Once TCP connection has finally been established, the routing module transmits a “Open” message and the finite state machine switches to the “OpenSent” state.
 In this state, the routing module waits to receive a “Open” message from the peer. On receiving such a message, the finite state machine switches to the “OpenConfirm” state.
 In this state, the finite state machine waits to receive a “KeepAlive” message. These “KeepAlive” messages are regularly exchanged by modules for routing within autonomous systems in order to inform one another that they are still in operation.
 On receiving a “KeepAlive” message, the connection is considered as being established and the finite state machine switches to the “Established” state.
 In this state, the finite state machine receives “KeepAlive” messages and “Update” messages. These “Update” messages contain routing information, i.e. new routes, or route cancellations.
 According to the invention, on each change of state, the new state is stored so that the standby routing module can start directly from that state.
 Thus, there is no need to go back through the succession of states as described above, and changeover from one routing module to another is transparent for the peer.
 In an implementation of the invention, in addition to the basic information which is stored when the finite state machine is in the “Idle” state, the routing information received from the peer router is also stored (regardless of whether this information concerns new routes or route cancellations).
 This storing can be achieved by means of a memory that is shared between the active routing module and the standby routing module(s).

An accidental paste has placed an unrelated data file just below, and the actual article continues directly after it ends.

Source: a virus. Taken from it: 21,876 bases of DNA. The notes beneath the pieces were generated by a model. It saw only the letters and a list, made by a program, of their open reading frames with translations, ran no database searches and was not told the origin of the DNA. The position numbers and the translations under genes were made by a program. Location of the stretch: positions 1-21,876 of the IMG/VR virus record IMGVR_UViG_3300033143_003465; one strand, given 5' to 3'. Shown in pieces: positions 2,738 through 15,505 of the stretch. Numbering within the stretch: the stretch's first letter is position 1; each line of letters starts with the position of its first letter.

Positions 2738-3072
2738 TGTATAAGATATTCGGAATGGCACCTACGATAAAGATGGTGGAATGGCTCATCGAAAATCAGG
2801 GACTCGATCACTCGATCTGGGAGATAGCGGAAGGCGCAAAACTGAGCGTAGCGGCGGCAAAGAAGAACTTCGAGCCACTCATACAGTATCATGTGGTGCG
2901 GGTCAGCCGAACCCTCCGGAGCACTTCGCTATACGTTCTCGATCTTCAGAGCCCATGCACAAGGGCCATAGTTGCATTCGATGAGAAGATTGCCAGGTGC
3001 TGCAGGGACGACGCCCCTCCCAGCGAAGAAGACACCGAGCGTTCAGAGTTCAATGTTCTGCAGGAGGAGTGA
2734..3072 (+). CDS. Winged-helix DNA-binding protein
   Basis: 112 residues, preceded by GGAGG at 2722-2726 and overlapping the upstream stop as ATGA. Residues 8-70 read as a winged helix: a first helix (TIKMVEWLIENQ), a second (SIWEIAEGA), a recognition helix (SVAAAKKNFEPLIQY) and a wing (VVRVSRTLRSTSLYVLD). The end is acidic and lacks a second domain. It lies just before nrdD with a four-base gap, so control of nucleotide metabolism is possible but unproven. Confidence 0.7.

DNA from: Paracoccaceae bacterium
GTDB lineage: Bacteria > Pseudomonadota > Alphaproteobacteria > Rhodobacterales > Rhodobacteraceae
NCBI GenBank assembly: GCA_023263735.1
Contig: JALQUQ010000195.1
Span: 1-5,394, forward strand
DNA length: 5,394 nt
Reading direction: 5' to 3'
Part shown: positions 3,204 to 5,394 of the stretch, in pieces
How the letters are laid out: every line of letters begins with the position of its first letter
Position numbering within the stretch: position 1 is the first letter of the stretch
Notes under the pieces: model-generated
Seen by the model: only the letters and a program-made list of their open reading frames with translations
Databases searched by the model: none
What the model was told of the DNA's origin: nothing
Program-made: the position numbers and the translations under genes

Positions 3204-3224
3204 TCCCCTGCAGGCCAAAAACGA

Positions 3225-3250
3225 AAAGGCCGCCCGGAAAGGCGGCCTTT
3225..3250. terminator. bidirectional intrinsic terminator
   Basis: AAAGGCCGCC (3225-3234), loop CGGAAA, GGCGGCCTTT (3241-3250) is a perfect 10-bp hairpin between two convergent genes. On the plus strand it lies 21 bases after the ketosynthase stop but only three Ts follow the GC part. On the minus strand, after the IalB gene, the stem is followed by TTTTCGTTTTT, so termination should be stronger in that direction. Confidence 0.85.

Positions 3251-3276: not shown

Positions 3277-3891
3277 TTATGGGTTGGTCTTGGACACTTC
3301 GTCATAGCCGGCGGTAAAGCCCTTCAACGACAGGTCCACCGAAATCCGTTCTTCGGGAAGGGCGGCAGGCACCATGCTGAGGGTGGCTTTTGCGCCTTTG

Other implementations are naturally possible and within the competence of the person skilled in the art. In particular, the routing modules can communicate via an inter-process communication means. By way of example, such inter-process communication means can be a software bus such as the CORBA software bus complying with the Object Management Group (OMG) specifications. The storage step can then be preceded by a step of sending information to the standby routing module(s) with it being their responsibility to store said information in such a manner as to enable them to recover it in the event of a change of state.
 When the routing module in the active state stops (whether because of a program stop or because of a failure), one of the standby routing modules becomes active. It can then take account of the information stored by the previously active routing module.
 Firstly, the state of the finite state machine associated with the newly active routing module can be forced to take up the stored state (i.e. the state of the previously active routing module prior to stopping).
 Secondly, the newly active routing module can take account of information about the peer router (as mentioned above, its IP address, etc.), together with the routing information received therefrom.